A+ after CCNA? Here's my thinking...

aluchenialucheni Member Posts: 18 ■□□□□□□□□□
Hey folks, just curious about what people think about my effort to re-enter the I.T. workforce. I was a CCNP ~4 years ago, having about 10 years of desktop/tech experience followed by three years experience as a network guy (I'm 34). Next, I decided to go full time for a university degree in economics. I'll be graduating next May and at first I thought I'd re-certify the CCNP ... though, I've been out of the game for so long that I'm wondering if it would be more useful to get an A+, CCNA, and MCSA (server) instead.

I'm sitting in for the CCNA composite in a few days (shouldn't be a problem). I know that the CCNA is considered more "advanced" than the A+, but the A+ seems to cover a lot of material that's quite unrelated. My thinking is that for an employer, an A+/MCSA/CCNA combo could be evidence of a broad commitment to I.T., while the CCNP would be too specific for someone who has been out for a while.

Any thoughts?

thank you,
Allan

Comments

  • CoolAsAFanCoolAsAFan Member Posts: 239
    With 10 years desktop/tech experience plus some networking experience, I would say skip the A+ because I do not see much of a benefiti for you. It sounds like you may just want it for your resume? In that case, I guess it depends on what your trying to do for employment. If your going networking, I would skip it and go for the CCNP or perhaps Security+, if your staying in helpdesk, then perhaps you can make the arguement to get it, but with 10 years doing helpdesk I imagine that your trying to get as far away as possible from that type of position. Why the econ degree when it sounds like you want to get in IT?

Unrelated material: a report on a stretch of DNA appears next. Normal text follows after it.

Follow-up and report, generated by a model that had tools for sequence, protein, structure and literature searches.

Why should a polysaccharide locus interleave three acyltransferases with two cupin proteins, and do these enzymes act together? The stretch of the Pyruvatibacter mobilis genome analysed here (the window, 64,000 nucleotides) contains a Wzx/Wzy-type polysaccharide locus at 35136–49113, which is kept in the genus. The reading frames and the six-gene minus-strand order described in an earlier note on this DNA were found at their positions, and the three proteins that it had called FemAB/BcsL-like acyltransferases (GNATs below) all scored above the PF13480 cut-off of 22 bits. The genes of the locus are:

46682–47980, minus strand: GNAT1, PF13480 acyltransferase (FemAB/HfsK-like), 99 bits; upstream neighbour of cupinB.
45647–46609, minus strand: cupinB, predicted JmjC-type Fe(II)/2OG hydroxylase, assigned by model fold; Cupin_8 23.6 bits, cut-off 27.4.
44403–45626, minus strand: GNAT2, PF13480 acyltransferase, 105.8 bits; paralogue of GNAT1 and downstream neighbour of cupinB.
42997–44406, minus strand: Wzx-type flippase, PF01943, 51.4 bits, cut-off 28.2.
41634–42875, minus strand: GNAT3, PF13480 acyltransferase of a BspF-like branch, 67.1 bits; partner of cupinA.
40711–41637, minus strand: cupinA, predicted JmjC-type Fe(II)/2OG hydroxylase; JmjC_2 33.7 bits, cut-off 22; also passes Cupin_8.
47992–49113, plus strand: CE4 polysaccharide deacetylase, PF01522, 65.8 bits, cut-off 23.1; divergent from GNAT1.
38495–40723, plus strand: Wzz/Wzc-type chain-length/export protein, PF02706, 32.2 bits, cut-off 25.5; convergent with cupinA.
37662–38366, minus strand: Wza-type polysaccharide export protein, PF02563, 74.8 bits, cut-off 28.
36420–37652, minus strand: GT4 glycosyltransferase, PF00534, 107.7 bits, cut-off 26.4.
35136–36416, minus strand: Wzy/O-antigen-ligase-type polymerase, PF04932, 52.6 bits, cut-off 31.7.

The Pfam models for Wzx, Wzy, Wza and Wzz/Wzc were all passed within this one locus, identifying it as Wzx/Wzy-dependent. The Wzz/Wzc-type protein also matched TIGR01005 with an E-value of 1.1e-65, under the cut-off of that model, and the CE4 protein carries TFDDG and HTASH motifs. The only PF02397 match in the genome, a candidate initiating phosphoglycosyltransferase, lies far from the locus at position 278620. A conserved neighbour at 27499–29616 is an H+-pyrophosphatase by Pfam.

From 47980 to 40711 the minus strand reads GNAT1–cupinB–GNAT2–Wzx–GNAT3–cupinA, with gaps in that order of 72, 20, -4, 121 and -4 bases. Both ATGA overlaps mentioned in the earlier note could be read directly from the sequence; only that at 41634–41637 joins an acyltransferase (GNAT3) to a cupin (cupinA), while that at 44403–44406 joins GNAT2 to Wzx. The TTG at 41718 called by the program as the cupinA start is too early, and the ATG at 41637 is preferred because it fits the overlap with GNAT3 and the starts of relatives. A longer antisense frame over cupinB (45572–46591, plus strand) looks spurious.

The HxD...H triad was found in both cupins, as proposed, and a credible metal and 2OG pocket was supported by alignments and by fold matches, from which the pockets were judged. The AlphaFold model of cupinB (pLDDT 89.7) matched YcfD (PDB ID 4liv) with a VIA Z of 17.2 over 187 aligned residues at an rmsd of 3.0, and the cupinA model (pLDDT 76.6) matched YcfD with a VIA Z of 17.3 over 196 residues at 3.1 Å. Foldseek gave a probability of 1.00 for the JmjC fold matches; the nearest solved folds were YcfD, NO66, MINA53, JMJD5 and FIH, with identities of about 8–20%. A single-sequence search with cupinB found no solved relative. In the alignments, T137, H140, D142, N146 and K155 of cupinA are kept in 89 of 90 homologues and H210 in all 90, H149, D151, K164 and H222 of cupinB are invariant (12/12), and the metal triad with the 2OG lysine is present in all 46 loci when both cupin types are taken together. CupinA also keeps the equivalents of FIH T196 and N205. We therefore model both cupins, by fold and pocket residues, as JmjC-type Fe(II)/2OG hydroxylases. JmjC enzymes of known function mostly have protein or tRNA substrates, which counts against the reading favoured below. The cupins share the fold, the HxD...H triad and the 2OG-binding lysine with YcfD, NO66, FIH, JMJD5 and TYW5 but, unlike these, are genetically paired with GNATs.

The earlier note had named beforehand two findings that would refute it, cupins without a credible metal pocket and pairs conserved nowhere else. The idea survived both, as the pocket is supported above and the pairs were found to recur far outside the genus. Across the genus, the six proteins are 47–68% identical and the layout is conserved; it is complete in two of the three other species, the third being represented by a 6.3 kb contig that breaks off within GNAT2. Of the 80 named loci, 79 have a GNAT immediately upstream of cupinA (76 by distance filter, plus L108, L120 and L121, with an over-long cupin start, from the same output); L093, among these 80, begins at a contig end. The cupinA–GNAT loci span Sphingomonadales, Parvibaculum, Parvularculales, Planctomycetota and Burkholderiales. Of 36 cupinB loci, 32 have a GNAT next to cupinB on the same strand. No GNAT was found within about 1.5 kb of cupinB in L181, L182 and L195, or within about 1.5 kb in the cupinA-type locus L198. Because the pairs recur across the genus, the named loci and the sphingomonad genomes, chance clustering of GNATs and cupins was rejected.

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  • gbdavidxgbdavidx Member Posts: 840
    why did you get an economics degree?
  • jvrlopezjvrlopez Member Posts: 911 ■■■■□□□□□□
    If you can correlate and display your 10 years of desktop support experience with no problems, I'd say skip the A+.
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  • aluchenialucheni Member Posts: 18 ■□□□□□□□□□
    The econ degree is sorta what ended up happening. I wanted a degree, thought I would do computer science, then ended up really liking some of the intro econ courses (this is OSU in case anyone is in Columbus). Three years later, it seemed quite futile to attempt to build a career as an economist. You need a grad degree, most likely a PhD, and in the end you're not making much more than a senior level I.T. person. That, and there's the opportunity cost of being in school forever. Also I'm old!

    Now I hope to leverage the degree as a way into a management position several years down the road. In the meantime, a technical job sounds great. Also, I don't much care for managers who have zero technical skill. Perhaps it's naive, but I'd rather work my way into a senior technical position, do that for a while, then go for management afterwards. Hey if that doesn't pan out, I happen to enjoy working with technology anyway. :)

    Thanks for the responses so far.
  • DoubleNNsDoubleNNs Member Posts: 2,013 ■■■■■□□□□□
    If you want to get back into Networking, why not re-cert the CCNA, revert the CCNP, then take the MCSA?

    W/ 10 years of experience, regardless of how long you've been away from IT professionally, I'd skip the A+ unless you wanted to do help desk/desktop support/break-fix.